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Centrica Boss Attacks UK Energy Policy “Paradox”

Outgoing Centrica Chief Executive Sam Laidlaw has taken a back seat of late following his controversial comments with regards Centrica Energy logothe Competition and Markets Authority investigation but is now back in focus after hitting out in an altogether more coherent attack on the “paradox” of UK energy policy.

The focus of Laidlaw’s ire was three-fold:

  • The government’s on-going support for expensive offshore wind and other low-carbon technologies pushing the marginal cost of energy upwards
  • Whilst allowing energy companies to propose coal-fired power stations for the receipt of a subsidy scheme, increases costs and spending on fossil fuels at a time of trying to cut carbon emissions.
  • Against a back drop of falling wholesale market prices

Laidlaw opined:

“By the end of this decade, under current plans, we’ll be spending £7.6bn a year through the levy control [subsidy] framework, much of it to support wind turbines that have not come down in cost.

“Energy consumers will be puzzled to learn that they are unlikely to enjoy the benefit of those lower power prices. That’s because of the choices made by successive UK governments about which renewable and low-carbon technologies to prioritise and how to incentivise them.”

Laidlaw pointed to the downward revision by DECC of it’s forecast of electricity prices through to the end of the decade by up to 20% and the predicted £140/MWh required to subsidise offshore wind.

Referring to the Capacity Mechanism auction scheduled for December that is designed to contract back-up generation to cover the intermittent nature of renewable generation, Laidlaw said:

“The expectation was that this would incentivise the building of new gas-fired power stations. But look through the pre-qualification lists published a few weeks ago and it is clear that old, dirty coal stations will be paid extra to stay online for longer.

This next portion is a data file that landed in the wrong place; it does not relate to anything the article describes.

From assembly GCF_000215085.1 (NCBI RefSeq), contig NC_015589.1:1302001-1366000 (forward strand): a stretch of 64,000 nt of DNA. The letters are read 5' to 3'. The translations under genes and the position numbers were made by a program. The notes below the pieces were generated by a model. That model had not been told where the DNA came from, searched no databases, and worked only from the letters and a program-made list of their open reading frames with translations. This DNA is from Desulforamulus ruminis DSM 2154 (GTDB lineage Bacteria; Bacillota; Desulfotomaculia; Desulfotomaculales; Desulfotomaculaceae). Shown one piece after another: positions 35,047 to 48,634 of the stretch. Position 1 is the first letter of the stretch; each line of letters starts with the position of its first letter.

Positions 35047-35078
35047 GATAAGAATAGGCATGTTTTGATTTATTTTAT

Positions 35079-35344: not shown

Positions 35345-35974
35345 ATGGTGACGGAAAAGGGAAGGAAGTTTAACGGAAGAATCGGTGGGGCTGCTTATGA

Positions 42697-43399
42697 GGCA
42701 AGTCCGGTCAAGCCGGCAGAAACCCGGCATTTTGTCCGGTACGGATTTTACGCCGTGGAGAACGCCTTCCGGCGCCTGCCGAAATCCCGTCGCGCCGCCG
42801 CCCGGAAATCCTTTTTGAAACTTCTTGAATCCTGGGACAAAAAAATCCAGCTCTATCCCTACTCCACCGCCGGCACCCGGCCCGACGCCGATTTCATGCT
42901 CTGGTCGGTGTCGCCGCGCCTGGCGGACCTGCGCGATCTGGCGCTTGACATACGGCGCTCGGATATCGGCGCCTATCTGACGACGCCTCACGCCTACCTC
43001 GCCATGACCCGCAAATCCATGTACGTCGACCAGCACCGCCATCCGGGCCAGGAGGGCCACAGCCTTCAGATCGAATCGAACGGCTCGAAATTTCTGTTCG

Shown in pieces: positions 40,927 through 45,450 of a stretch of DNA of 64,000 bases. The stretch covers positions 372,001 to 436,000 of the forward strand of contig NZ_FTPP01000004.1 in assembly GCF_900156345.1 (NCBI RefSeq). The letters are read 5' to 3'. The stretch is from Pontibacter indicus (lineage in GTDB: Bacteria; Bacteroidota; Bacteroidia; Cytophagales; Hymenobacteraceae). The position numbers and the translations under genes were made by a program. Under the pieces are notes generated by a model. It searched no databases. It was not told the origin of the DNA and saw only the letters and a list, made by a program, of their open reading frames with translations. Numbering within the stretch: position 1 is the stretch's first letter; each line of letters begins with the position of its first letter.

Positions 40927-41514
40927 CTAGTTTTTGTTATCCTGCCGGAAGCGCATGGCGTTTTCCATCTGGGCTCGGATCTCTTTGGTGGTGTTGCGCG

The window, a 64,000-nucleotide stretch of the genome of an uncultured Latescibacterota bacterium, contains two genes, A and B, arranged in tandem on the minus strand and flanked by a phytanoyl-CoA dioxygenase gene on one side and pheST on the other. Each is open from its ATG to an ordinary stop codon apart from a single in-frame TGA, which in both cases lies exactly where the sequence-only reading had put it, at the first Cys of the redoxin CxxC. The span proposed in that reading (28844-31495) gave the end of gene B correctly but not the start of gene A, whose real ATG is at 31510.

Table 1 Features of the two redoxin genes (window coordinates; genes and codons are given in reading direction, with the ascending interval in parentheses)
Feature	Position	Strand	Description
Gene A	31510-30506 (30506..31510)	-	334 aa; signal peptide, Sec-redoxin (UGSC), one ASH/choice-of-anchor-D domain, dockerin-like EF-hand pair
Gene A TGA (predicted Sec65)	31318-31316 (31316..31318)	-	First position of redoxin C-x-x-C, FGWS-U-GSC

“The cost of this will be levied on customers’ bills, alongside the cost of the carbon price floor, which is designed to encourage switching away from coal. There’s an inherent paradox here.”

DECC countered:

“There is no paradox. The carbon price floor and the capacity market [subsidy scheme] work together to ensure we move to low-carbon generation in a way that keeps the lights on at peak demand at lowest cost to the consumer.

“The carbon price floor [CPF] is designed to provide greater support and certainty to the price of carbon in the UK’s electricity generation market. Effective carbon pricing, including the CPF, remains an important part of the government’s energy policy. Establishing a minimum carbon price sends a credible signal to help drive billions of pounds of investment in low-carbon technology.”

Peter Atherton, energy analyst at investment bank Liberum Capital, echoed Laidlaw’s thoughts saying:

“We have one set of market interventions trying to kill coal, but then we worry about the lights going out so we have another intervention trying to keep coal going. [It’s] difficult to make this stuff up.”

Lawrence Carter, energy campaigner at Greenpeace, said:

“The most influential energy boss in the country is now confirming what Greenpeace and others have been warning all along. A big chunk of these new energy hand-outs will be pocketed by coal plant operators and used to extend the lifespan of some of Europe’s most polluting power stations.

“Even some of the biggest players in the energy industry think this new policy doesn’t make sense. Ed Davey needs to listen to these concerns and make sure dirty coal plants don’t get a penny of public money.”